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As I mentioned earlier, I subscribe to the view that design is problem solving. But without a clear understanding of what a "problem" is, how can it be solved? What what does it mean to "solve" something anyway?
The problem is, once you really understand a problem, you realize that most problems are not solvable at all. They're tangled webs of causality, wicked thickets of complexity. The best you can do is understand this complex causality and find opportunities to adjust, nudge, and tweak. Take, for example, this TED Talk by Sendhil Mullainathan on "solving" diarrhea and blindness:
Note how the "solutions" to the problems are all incremental: they change a few parts of a broken system, which leads to great improvements, but the problem is never "solved".
What then is a problem? Herb Simon said, "Everyone designs who devises courses of action aimed at changing existing situations into preferred ones." (The Sciences of the Artificial, 1969). I take Simon's view and see problems as "undesirable situations" (meaning undesirable to a human). Therefore, problems are really just situations that people don't want.
Now, that doesn't mean that a situation is undesirable to everyone. For one person a situation might be undesirable, but to another, it might be greatly desirable. For example, most gambling addicts wish it was harder for them to gamble, but casinos are quite happy that it's easy to gamble. That means that problems are inherently tied to specific groups of people that wish their situation was different. Therefore, you can't define a problem without define who it's a problem for.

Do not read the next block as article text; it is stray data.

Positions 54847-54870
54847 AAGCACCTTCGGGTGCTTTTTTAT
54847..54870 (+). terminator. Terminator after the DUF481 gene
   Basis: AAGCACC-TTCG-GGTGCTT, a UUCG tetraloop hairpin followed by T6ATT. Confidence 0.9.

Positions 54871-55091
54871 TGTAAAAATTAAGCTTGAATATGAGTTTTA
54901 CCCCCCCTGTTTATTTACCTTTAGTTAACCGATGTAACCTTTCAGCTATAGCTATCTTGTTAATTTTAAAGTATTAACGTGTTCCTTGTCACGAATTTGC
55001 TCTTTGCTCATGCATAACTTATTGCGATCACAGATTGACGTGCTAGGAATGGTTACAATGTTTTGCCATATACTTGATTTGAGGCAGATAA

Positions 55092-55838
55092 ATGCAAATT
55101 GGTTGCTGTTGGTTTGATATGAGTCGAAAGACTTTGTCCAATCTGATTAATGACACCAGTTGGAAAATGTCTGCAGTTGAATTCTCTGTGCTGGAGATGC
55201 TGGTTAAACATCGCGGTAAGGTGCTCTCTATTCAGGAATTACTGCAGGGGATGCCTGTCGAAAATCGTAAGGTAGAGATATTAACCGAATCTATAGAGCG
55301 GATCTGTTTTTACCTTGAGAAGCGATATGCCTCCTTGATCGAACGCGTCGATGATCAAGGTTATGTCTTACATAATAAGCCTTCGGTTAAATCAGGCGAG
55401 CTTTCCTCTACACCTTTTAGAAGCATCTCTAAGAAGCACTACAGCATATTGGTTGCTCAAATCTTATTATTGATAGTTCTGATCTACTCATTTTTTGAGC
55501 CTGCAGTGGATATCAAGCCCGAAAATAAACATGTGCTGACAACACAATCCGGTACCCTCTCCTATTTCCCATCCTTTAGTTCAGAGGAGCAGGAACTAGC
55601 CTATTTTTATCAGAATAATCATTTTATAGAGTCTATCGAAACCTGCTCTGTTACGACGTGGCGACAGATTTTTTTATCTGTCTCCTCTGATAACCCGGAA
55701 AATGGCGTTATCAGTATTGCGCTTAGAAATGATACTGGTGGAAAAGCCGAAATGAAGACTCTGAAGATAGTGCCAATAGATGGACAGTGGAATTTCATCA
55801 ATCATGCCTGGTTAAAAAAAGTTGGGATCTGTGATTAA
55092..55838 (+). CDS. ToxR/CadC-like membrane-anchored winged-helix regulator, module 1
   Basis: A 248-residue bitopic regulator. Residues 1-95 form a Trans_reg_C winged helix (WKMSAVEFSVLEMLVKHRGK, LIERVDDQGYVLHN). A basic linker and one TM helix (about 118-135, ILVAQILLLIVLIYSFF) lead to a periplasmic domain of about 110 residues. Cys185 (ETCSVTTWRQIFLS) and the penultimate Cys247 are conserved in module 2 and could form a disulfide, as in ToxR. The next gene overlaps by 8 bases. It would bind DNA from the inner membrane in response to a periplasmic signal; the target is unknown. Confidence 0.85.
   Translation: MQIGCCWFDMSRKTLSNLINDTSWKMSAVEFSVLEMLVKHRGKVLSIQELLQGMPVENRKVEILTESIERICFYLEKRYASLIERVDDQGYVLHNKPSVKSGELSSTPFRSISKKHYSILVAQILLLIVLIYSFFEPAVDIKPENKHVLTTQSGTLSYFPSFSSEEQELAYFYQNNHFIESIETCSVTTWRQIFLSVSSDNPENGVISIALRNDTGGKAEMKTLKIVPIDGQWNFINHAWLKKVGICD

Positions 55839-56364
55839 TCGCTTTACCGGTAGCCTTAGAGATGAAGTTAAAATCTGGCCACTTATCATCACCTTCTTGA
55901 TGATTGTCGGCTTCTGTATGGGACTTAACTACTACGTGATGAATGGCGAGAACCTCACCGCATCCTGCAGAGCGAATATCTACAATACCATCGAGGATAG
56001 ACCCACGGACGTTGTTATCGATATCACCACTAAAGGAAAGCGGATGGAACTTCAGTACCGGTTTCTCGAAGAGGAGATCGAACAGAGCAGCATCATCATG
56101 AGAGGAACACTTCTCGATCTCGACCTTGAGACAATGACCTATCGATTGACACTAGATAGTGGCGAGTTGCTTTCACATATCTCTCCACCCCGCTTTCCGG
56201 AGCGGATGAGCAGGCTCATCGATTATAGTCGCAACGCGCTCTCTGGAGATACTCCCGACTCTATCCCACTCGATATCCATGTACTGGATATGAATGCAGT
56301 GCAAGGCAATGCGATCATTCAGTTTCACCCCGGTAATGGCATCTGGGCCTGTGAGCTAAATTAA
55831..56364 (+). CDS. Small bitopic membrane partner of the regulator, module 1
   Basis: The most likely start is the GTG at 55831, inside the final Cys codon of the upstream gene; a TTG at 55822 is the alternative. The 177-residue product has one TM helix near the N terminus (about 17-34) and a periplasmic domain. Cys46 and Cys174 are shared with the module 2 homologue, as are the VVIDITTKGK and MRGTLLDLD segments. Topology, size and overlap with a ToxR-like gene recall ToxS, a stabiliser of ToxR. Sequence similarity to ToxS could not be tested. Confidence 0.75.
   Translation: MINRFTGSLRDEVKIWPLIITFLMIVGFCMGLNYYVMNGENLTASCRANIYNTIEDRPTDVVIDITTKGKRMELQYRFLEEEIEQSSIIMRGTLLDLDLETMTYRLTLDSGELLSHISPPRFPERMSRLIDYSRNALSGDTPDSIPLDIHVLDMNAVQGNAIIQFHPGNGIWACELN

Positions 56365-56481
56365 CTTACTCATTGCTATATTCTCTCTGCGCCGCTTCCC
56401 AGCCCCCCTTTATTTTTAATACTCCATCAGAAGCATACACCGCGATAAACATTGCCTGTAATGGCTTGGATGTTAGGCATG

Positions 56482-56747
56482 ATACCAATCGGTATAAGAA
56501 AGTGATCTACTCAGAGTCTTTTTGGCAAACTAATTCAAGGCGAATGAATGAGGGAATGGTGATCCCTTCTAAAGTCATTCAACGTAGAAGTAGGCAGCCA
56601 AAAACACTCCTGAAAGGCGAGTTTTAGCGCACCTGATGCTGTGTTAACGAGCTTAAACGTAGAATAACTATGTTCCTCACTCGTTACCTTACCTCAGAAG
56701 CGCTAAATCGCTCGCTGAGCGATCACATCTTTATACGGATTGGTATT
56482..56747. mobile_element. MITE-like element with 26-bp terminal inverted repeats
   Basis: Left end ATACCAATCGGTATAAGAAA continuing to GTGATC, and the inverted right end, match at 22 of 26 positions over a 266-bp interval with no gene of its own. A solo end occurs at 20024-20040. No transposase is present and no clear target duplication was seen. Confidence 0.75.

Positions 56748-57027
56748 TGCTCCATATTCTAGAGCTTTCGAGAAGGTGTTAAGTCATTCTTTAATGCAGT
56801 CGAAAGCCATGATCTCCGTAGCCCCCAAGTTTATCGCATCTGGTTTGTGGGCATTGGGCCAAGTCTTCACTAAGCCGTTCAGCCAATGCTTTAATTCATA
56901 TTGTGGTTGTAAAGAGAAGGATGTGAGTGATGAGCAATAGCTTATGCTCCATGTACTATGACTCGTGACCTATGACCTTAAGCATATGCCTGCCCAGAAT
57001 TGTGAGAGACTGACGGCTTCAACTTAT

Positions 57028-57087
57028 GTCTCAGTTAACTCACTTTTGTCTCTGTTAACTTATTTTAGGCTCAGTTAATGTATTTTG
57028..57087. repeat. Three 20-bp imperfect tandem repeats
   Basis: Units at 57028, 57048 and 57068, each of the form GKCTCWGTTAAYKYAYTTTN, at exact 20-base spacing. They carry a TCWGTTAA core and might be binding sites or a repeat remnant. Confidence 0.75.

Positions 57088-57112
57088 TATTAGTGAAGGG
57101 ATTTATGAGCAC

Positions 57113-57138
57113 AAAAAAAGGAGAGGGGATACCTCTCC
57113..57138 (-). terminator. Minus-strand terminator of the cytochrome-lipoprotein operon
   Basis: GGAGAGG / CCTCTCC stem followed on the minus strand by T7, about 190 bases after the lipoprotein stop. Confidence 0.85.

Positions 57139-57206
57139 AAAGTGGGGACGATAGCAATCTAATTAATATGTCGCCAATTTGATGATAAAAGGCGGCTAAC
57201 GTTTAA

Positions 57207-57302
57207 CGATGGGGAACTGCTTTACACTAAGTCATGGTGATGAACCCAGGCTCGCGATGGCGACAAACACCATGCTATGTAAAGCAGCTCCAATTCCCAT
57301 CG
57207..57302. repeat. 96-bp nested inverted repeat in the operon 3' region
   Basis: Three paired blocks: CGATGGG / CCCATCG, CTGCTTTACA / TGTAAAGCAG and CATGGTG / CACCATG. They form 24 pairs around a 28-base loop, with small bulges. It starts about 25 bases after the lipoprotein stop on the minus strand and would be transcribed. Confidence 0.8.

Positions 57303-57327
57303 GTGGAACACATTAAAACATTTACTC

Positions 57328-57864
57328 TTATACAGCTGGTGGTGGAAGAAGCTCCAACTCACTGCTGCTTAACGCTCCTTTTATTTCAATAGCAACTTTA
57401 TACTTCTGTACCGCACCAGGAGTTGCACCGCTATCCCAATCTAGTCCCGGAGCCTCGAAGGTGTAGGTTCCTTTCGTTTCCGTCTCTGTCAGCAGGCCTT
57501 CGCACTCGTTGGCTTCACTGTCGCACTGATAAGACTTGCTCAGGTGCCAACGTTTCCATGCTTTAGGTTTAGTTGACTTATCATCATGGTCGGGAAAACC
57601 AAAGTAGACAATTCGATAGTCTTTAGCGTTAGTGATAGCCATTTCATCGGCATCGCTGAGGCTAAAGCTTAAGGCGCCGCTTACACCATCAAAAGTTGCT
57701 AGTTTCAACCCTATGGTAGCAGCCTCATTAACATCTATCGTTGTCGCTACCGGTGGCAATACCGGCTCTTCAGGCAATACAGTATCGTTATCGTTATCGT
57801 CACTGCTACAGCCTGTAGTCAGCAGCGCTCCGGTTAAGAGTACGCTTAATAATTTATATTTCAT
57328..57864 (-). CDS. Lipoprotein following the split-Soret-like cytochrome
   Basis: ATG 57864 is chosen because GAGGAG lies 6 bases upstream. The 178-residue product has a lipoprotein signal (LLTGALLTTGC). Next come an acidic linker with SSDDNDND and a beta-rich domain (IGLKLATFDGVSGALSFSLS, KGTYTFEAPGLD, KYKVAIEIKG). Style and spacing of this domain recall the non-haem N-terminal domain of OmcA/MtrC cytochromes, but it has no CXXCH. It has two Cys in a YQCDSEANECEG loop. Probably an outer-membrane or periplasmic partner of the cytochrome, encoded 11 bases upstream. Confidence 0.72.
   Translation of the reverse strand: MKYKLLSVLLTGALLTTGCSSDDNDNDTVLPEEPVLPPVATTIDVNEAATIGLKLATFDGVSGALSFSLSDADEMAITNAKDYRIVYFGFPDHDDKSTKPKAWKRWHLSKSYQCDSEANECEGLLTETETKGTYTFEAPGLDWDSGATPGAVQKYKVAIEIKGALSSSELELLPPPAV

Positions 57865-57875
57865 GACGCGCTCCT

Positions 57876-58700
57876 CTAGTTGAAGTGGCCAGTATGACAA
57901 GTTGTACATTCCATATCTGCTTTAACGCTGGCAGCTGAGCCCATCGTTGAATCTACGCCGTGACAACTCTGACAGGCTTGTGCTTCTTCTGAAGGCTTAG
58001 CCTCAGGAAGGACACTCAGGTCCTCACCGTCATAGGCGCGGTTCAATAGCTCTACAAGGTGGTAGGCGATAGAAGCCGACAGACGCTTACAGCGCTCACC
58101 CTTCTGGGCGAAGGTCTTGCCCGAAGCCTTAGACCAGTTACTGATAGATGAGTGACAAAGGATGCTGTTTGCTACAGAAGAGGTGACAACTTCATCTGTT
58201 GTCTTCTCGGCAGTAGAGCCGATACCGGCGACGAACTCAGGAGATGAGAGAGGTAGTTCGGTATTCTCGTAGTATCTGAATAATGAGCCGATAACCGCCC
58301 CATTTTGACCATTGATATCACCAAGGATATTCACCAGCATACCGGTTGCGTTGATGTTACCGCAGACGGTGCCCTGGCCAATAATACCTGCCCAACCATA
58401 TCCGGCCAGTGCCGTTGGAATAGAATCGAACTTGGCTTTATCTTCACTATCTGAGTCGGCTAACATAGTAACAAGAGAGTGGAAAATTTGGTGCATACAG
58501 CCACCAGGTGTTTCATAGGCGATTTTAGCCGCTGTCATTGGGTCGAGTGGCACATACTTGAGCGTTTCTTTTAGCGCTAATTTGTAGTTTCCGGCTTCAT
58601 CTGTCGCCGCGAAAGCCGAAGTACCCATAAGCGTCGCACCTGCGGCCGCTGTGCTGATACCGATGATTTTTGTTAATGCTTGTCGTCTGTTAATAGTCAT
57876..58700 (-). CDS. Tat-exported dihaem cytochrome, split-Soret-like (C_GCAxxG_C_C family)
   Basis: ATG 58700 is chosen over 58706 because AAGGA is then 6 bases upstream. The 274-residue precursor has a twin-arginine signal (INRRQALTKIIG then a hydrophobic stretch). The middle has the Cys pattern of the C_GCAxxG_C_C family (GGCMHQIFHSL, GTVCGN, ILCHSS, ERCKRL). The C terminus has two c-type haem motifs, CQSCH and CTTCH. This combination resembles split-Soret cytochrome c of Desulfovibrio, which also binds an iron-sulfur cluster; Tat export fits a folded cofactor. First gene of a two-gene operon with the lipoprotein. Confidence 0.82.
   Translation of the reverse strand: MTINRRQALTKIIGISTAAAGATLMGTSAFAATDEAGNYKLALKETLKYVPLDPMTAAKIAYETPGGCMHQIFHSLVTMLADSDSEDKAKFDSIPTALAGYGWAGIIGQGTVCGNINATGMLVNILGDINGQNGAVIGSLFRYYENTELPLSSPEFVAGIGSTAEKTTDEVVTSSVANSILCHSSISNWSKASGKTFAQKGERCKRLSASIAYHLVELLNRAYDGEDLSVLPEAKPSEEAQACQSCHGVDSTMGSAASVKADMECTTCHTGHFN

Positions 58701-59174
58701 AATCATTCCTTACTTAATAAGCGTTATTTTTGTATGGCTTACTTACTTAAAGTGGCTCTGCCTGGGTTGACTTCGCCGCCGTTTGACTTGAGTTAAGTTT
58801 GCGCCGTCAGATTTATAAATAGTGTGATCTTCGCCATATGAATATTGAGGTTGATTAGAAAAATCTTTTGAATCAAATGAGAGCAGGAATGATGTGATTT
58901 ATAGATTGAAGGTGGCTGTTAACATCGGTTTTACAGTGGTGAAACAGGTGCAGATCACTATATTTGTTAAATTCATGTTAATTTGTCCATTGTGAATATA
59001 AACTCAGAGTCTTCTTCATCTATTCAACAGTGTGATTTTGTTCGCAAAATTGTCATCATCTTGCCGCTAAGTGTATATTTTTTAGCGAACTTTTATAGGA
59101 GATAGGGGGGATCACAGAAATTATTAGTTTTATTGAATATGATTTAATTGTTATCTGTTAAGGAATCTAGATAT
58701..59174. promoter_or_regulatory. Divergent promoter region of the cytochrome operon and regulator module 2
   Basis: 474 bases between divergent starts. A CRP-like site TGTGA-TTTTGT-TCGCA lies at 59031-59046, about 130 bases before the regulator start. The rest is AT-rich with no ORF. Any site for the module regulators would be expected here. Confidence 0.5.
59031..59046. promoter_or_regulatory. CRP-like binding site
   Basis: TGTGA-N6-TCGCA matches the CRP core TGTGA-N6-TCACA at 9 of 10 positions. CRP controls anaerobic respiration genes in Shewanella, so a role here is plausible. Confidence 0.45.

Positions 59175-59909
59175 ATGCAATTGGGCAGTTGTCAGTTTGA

What about a situation is undesirable? Let's talk about this in terms of consequence. What makes missing your bus a problem? There are consequences to being late to class, late to work. You might be stuck in the rain. Maybe you're cold. Maybe you don't get a seat on the next bus, which aggravates your arthritis. You can see, therefore, that problems are personal because consequences are personal.
Another critical piece of problems is their cause. Every problem has multiple causes and it's a designers job to understand as many as they can. Let's continue with the bus example. Brainstorm for a moment: why do people miss the bus? Let's enumerate the possible reasons:
And so on. Note that not everyone misses the bus for the same reason; some people miss the bus for more than one reason. And this problem doesn't apply to everyone because not everyone uses a bus.
Helping people not miss their bus literally means changing one or more of those causes above. Each one would require a different solution and would have a different effect on the problem. If you focus on getting a rider up on time, it only helps riders who are sleeping in, and you'll probably build something sleep related. If you focus on the problem of not knowing where the bus is, it only helps riders that don't know, and you'll probably build something information related.
Because solutions are specific to problems, solutions embody assumptions about the cause and effect of problems. And sometimes those assumptions are wrong. For example, consider this video by Tommy Edison, where he documents his attempt to use a Bank of America ATM as a blind person:
Why was it so hard for him to find the headphone jack? No one on the design team had any clue about the the challenges of finding small holes headphone jack holes without sight. They did, however, include a nice big label above the hole that said "Audio jack", which of course, Tommy couldn't see. Diebold, the manufacturer of the ATM had a wrong understanding of the problem of blind ATM accessibility.